Hatred, resentment, white supremacy and victimhood are deadly political tools. President Trump wields them with no thought to the consequences -- and people die.
The latest is Lori Gilbert Kaye, 60, shot and killed Saturday at the Chabad of Poway synagogue near San Diego. The shooter, a 19-year-old gunman armed with a military-style assault rifle, wounded three others. The assailant, who reportedly yelled anti-Semitic slurs, left behind an internet screed full of the same kind of paranoid vitriol about Jews that was used to motivate the Holocaust.
The alleged killer's "open letter" voiced hearty approval of the massacre of 11 Jews at a synagogue in Pittsburgh last October. He was apparently an equal-opportunity hater, however, since in the letter he confesses to an arson attack at a nearby mosque and claims to have been inspired by the anti-Muslim rampage in New Zealand last month that left 50 dead.
I should note that both the Pittsburgh and Poway shooters expressed criticism of Trump because they thought him too supportive of Israel. But Trump's Mideast policy does not get him off the hook. At this point, no one can deny the obvious: The president, primarily through his unconstrained rhetoric, has fostered an atmosphere in which hate-filled white supremacists feel motivated, vindicated and emboldened to act.
In my lifetime, at least, we have never before had a president who deliberately exacerbates racial and religious tensions for political gain. We have had a few who winked at racists to get elected, a few who blew dog whistles about such issues as school desegregation and "inner-city crime." But I can't think of one of Trump's predecessors who might have been capable of looking at a crowd of white supremacists, neo-Nazis and Ku Klux Klan members on the one hand, a diverse crowd of counterprotesters on the other, and saying there were "very fine people on both sides."
Of course that does not mean that all of Trump's supporters are racist. Nor does it mean that Trump somehow generates racism out of thin air. What he does is allow it to surface into the light, where its putrid flowers can bloom.
No one who has any familiarity with American history could be under the illusion that racism and anti-Semitism are things of the past. But yes, much has changed over the years and decades. The country has become more diverse -- there will be no white, non-Hispanic majority by 2045 -- and its promise of equality has been expanded to groups that were previously excluded. Ours is a better, fairer nation now, though we still have far to go.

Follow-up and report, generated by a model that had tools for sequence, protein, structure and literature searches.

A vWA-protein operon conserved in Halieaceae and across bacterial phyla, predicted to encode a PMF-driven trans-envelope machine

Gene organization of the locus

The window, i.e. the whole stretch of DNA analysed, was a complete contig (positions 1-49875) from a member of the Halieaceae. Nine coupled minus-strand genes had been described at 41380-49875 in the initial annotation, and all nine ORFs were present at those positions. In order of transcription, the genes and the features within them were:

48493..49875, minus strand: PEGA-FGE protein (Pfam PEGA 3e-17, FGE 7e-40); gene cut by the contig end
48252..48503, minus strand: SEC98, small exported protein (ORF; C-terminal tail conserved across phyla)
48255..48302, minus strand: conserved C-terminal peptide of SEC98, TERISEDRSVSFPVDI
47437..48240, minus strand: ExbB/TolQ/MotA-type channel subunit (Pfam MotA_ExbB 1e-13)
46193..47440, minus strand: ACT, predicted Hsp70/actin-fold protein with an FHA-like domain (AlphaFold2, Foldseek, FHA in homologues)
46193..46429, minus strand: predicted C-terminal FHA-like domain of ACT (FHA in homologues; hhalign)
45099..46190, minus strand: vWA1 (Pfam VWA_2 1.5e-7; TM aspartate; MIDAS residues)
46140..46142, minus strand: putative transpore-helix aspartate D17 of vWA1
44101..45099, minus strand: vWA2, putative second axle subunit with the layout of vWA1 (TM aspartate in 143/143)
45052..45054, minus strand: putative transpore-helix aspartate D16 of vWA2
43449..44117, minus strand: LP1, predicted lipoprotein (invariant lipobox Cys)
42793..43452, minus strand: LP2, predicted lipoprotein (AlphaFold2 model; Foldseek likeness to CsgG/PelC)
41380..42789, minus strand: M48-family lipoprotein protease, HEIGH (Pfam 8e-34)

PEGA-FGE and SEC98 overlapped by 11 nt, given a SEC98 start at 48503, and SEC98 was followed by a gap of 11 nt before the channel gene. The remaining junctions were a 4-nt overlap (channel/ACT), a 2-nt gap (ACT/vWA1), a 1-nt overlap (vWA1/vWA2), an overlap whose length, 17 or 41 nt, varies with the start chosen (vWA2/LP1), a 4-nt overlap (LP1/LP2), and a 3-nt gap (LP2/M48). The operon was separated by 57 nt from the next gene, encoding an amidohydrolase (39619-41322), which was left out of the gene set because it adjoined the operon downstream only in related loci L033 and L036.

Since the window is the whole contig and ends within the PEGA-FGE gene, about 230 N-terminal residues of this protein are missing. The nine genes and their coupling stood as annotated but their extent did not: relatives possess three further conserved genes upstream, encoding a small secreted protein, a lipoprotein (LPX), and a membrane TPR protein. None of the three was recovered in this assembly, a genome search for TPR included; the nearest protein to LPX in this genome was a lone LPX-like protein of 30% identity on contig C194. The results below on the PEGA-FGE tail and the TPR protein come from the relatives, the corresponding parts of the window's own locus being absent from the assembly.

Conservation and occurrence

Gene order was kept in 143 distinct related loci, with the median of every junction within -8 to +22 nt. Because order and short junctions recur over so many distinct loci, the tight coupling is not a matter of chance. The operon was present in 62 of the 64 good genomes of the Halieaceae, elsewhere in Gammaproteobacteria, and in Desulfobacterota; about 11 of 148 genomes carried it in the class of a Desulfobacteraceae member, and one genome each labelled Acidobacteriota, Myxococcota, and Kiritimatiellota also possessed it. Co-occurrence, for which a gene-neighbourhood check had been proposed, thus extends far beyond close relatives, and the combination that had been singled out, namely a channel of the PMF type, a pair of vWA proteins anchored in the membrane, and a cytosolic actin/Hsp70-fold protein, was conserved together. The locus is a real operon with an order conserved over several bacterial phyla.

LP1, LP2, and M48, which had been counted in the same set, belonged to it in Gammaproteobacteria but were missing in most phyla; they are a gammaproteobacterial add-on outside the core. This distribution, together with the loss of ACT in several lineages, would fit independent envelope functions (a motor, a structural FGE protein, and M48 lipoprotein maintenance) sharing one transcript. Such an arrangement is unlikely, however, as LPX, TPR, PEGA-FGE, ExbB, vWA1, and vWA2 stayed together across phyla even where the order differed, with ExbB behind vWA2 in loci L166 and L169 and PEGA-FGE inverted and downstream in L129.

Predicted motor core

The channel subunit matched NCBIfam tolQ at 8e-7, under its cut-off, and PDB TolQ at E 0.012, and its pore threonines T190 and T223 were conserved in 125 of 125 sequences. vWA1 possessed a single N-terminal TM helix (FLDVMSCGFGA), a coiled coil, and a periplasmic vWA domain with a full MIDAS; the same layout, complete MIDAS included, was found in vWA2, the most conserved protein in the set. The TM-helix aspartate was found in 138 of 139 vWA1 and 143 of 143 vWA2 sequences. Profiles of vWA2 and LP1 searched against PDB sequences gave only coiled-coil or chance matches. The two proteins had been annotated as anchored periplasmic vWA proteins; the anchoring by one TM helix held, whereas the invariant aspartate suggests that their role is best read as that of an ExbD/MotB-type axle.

But social change is unsettling, especially when it comes along with economic change. Americans once were certain that their children's lives would be wealthier and more fulfilled than their own; now, they're not sure. White men used to run everything in this country; now they merely run almost everything.
The job of a leader is to try to calm anxieties and bring people together. Trump, however, deliberately makes everything worse.
He launched his campaign in 2015 by demonizing Latino immigrants as rapists and drug dealers. He encouraged his supporters not simply to question existing immigration policy or seek to change it, but to hate the immigrants themselves -- to see them as "animals" and "bad hombres." He modeled that hatred with his cruel policy of deliberately separating thousands of children from their asylum-seeking parents. It is not possible to treat people that way if you acknowledge and respect their humanity. Trump has given every indication that he does not.
One of the vile notions found in the cesspools of the internet is that there is an organized attempt underway to "replace" white Americans with Latinos, and that this plot is somehow inspired or abetted by Jews. This ridiculous fantasy was on the mind of the Pittsburgh shooter, and perhaps the Poway shooter as well.
Trump could use his Twitter feed or his political rallies to lower the temperature. He could acknowledge that the asylum-seekers are just men and women trying to do what's best for their families. He could denounce all the conspiracy theories about "globalists," a term anti-Semites use to refer to Jews. He could engage with African Americans on issues such as police shootings and voter suppression.
But he does not.
Trump's theory of politics is based on division, not unity. He constantly stokes anger, never apologizes, always seeks another crack where he can drive another wedge. Hate crimes, meanwhile, have reached a new high. That is no coincidence.
Eugene Robinson writes a twice-a-week column on politics and culture and hosts a weekly online chat with readers. In a three-decade career at The Washington Post, Robinson has been city hall reporter, city editor, foreign correspondent in Buenos Aires and London, foreign editor, and assistant managing editor in charge of the paper’s Style section.